TwinCities.com – Pioneer Press
Cougar spotted in Twin Cities, Wisconsin has roamed far and wide looking for love
DNA test of droppings links far-flung sightings to a single male cat
Updated: 08/17/2010 11:40:28 PM CDT
The same cougar that roamed through the Twin Cities in December traveled hundreds of miles in Wisconsin last winter, leaving tracks, scat and photographic evidence across six counties and coming within a few miles of the start of the American Birkebeiner ski race.
Using DNA analysis, biologists were able to conclude the same cat that left scat and tracks in Vadnais Heights in December crossed the St. Croix River and ended up in St. Croix and Dunn counties in Wisconsin.
It’s believed to be the same cougar spotted in early December in Champlin and later in Stillwater.
The cat’s scat linked it to sightings in Minnesota and western Wisconsin, but also in northern Wisconsin.
In February, cougar droppings were collected near Cable, Wis., and DNA evidence concluded it was left by the Twin Cities cat, which tests showed was a male.
Using the DNA analysis, photos and tracks, the Wisconsin Department of Natural Resources has created a map showing the cougar traveling eastward across the state, then turning north in Clark County and ending up in southern Bayfield County.
“It’s interesting that these animals roam such a large area,” said Adrian Wydeven, a conservation biologist with the Wisconsin Department of Natural Resources. “The first record we got on it was in a big urban area, and the last record was in a remote area. These animals apparently don’t avoid urban areas.”
Wydeven said tracks from the cat were found just a few miles west of the Birkebeiner race on Feb. 27, the same day as the race.
The DNA testing was done by a federal lab in Missoula, Mont. Biologists are still awaiting test results about the cat’s origin. The tests will point to whether the cat originated in South Dakota’s Black Hills or other Western states or whether it has genetic markers for South American cougars.
If the tests indicate the cat has South American genetics, it most likely is a captive cougar that was released or escaped.
But Wydeven said the cat’s remarkable travels across Minnesota and Wisconsin would suggest it was a wild cougar.
Dan Stark, a predator expert with the Minnesota Department of Natural Resources, said young male cougars are known to roam far and wide in search of mates.
The new data “tells us … that these cats are covering a lot of distance in a short amount of time,” Stark said. “That leads us to believe that these are dispersing animals coming from the west and they are on the move in search of females. They will stay in a location for a while if there is prey, but unless they find a mate, they will keep roaming.”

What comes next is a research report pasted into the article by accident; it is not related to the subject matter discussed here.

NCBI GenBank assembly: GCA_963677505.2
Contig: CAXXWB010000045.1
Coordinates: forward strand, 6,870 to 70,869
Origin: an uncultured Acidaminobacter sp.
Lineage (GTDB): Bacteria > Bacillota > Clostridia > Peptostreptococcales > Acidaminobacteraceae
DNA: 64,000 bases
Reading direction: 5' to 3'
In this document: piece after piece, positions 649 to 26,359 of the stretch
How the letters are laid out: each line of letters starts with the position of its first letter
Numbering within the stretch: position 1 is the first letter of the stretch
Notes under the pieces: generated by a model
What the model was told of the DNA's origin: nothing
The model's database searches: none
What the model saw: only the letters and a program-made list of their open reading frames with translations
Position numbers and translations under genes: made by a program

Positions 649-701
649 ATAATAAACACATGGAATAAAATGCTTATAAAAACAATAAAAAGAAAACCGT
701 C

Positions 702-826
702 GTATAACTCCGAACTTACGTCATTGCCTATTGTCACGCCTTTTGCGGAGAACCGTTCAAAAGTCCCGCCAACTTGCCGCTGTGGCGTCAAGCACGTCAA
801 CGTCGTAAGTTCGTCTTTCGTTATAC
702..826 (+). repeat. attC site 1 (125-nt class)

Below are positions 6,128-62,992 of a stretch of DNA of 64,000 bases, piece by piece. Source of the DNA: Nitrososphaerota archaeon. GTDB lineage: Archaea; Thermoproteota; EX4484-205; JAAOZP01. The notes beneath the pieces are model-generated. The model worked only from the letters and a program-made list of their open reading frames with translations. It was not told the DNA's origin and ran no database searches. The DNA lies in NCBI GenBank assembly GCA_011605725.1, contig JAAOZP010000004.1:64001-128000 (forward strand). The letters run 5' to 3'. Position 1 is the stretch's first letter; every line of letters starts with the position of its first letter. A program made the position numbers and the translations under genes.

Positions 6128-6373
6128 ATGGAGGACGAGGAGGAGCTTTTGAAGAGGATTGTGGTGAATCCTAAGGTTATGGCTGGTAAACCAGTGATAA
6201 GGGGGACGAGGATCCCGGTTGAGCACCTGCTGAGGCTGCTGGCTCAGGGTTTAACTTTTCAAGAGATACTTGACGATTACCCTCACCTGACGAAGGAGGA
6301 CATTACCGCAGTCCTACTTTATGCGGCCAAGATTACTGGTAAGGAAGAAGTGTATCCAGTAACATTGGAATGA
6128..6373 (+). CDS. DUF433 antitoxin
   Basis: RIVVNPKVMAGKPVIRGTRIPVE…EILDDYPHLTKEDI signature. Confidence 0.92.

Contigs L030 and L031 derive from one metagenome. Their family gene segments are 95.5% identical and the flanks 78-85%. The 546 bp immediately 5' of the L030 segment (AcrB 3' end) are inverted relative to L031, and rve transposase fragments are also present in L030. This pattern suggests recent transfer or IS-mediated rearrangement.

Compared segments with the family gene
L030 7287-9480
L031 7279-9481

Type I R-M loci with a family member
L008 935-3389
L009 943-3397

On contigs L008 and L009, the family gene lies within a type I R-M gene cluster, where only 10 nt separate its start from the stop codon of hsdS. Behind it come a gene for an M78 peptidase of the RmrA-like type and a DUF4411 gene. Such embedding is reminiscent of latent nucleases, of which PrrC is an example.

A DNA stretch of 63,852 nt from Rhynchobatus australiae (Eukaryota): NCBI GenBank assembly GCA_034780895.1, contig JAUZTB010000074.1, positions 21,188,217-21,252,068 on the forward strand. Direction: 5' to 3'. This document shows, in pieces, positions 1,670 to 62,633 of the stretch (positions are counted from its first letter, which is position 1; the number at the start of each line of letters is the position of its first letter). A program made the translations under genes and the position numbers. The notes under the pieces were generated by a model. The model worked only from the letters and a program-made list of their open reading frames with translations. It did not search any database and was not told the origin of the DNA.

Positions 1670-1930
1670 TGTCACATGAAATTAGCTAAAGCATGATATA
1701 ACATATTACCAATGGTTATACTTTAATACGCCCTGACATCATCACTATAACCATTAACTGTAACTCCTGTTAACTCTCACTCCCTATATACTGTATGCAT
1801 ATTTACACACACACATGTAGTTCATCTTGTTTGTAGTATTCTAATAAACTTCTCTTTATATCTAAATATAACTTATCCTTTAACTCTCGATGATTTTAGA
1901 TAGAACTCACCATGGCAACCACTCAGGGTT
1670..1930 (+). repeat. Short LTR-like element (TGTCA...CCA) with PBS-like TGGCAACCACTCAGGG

Wydeven said a bus driver spotted a different cougar Dec. 18 in Wisconsin’s Price County and DNA analysis of small traces of its blood found in the snow concluded it was not a relative of the Twin Cities cougar, but it, too, was a male.
Wisconsin experts are also investigating several livestock attacks in Juneau County in May to determine whether the attacker was a cougar. It is among the numerous sightings and confirmed evidence of cougars roaming Wisconsin.
Since December, there have been 10 confirmed cougar or cougar-sign observations in western Wisconsin and one near Lena, in northeast Wisconsin. Most of the sightings and signs are believed to be the same cat that roamed through the Twin Cities.
Wisconsin DNR officials have begun working closely with cougar experts in the Black Hills, where one of the longest-running cougar-tracking projects is under way. Wisconsin biologists have received training in immobilizing the cats and fitting them with radio collars.
In March 2009, a cougar was treed by hunters west of Spooner, Wis., but attempts by biologists to capture and outfit it with a radio collar failed.
Stark said no confirmed sightings have been made in Minnesota since the Twin Cities sightings in December.
He said the Minnesota DNR is working on a protocol plan for handling cougar sightings in populated areas. The plan will address human-safety issues, he said.
“Their presence alone isn’t something we will respond to,” Stark said. “Our main position is if they aren’t causing trouble, we will leave them alone and let them go about their business.”